Senators’ new CLOSE THE GAP Act streamlines permitting process for broadband infrastructure on federal land
Earlier this year, Sinema announced $1 billion for Arizona high-speed broadband from her bipartisan infrastructure law
WASHINGTON – Arizona senior Senator Kyrsten Sinema and Republican Senator John Barrasso (Wyo.) introduced the Closing Long Overdue Streamlining Encumbrances to Help Expeditiously Generate Approved Permits (CLOSE THE GAP) Act – bipartisan legislation modernizing, streamlining, and improving the permitting process for broadband infrastructure projects on federal land.
“Streamlining the permitting process for broadband infrastructure allows Arizona to deploy high-speed internet services using historic funding I secured in my bipartisan infrastructure law more efficiently and effectively – connecting loved ones, making education and telehealth more accessible, and fueling economic opportunities for small businesses,” said Senator Sinema.
“Access to fast and reliable internet is critical to keeping rural communities, small businesses and emergency services running smoothly. In Wyoming, half of the land is owned by the federal government. There is a significant gap in internet service and in some cases no service at all,” said Senator Barrasso. “It shouldn’t take years for internet service providers to get approval to install or make simple repairs on federal land. Streamlining the permitting process is a vital step in closing the digital divide in rural communities in Wyoming and across the West.”
Sinema and Barrasso’s CLOSE THE GAP Act improves permitting for broadband projects by ensuring land management agencies promote regulations that streamline the process for broadband applications on federal land for their respective agencies, helping to get the nearly $1 billion in high-speed broadband funding Sinema’s bipartisan infrastructure law recently awarded specifically for Arizona out to the rural and other underserved Arizona communities that need it most.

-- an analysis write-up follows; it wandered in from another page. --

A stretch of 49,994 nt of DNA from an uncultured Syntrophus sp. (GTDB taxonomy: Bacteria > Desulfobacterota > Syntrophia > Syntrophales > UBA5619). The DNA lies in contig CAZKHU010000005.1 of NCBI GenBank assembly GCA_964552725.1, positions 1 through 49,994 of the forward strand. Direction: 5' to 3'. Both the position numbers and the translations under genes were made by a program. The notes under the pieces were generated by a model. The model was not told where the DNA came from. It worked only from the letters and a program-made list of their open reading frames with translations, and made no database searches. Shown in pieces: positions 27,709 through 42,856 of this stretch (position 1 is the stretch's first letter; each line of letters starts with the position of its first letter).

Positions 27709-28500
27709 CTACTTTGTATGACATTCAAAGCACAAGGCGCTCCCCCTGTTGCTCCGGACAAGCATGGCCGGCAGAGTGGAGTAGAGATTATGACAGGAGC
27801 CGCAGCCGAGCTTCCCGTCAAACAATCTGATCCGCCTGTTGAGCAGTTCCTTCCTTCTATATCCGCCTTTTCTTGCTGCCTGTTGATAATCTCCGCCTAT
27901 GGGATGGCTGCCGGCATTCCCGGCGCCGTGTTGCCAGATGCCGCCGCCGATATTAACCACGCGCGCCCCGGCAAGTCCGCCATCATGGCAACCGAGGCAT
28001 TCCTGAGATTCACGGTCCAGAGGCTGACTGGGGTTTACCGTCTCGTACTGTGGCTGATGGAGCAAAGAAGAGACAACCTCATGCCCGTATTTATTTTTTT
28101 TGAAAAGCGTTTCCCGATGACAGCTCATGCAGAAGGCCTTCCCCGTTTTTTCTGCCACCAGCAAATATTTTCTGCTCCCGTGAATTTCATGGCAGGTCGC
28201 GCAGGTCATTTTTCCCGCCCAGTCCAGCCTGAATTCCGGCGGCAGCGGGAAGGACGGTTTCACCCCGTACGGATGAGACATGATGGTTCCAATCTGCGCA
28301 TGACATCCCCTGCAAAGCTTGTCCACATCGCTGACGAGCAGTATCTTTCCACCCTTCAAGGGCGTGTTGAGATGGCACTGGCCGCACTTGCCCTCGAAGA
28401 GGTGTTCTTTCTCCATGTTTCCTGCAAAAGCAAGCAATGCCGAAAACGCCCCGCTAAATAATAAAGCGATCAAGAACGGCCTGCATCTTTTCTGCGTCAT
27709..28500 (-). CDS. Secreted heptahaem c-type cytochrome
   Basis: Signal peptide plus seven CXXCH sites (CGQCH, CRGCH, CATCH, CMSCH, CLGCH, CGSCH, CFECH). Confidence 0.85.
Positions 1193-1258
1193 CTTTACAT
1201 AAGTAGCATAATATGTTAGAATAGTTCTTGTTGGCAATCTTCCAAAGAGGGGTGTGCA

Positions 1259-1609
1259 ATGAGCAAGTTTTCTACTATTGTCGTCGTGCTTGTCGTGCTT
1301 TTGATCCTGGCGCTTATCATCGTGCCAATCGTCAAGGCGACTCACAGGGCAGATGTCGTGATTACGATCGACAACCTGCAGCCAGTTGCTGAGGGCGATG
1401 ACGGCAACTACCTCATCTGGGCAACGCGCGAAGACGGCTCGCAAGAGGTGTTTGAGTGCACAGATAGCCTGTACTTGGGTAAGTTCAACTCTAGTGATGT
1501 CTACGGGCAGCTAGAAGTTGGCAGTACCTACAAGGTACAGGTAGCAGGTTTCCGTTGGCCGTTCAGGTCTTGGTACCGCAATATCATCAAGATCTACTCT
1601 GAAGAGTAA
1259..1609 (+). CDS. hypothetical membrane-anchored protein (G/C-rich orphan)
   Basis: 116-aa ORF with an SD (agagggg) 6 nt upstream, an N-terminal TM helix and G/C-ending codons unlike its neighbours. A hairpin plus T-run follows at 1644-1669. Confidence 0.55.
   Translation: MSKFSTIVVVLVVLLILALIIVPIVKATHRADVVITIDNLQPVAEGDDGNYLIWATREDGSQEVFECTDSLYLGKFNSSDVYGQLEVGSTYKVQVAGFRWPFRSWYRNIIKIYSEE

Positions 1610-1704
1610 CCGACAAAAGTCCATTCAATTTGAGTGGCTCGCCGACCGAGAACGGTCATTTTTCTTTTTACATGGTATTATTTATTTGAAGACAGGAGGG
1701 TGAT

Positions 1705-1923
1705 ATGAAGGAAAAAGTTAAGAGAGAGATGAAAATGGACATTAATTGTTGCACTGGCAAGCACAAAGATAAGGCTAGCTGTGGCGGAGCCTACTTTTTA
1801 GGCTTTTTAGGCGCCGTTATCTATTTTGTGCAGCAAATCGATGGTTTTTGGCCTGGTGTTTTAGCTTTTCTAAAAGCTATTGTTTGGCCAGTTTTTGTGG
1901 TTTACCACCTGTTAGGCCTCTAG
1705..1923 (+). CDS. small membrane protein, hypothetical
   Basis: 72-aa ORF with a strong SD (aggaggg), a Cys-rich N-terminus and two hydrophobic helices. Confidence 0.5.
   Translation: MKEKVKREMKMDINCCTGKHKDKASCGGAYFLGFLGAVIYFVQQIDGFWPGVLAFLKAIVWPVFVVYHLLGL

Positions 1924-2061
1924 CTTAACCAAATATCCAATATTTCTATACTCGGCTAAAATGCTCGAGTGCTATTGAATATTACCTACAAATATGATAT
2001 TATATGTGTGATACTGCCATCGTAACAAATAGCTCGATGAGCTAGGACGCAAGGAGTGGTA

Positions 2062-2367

The legislation removes broadband projects from the $200 million statutory minimum for tracking under the FAST Act, and insists that communications projects be considered with increased significance when establishing timetables. Additionally, the bipartisan bill establishes a special account at the U.S. Department of Treasury for each land management agency to deposit rental and application fees for their own use related specifically to communications use authorization. It also requires land management agencies to establish a set structure of rental fees and application fees and sets specific requirements for the expenditure of retained funds directly related to activities relating to communications use authorization or communications sites.
Lastly, the CLOSE THE GAP Act establishes a working group between each Federal land management agency to periodically meet to coordinate and expedite the review of applications.
Sinema’s bipartisan infrastructure law makes historic and sweeping investments in repairing and upgrading America’s critical infrastructure, including $65 billion to deploy high-speed broadband, expand broadband internet access, and help families afford broadband service.
Specifically, the law invests over $14 billion to make the internet more affordable and requires internet providers to offer a low-cost option to participate in federal broadband deployment funding. Following passage of the infrastructure law, the Federal Communications Commission established the Affordable Connectivity Program using the funding Sinema secured to help Arizonans access affordable internet. The program provides eligible families $30 a month toward their internet bills and $75 a month toward internet service in tribal areas.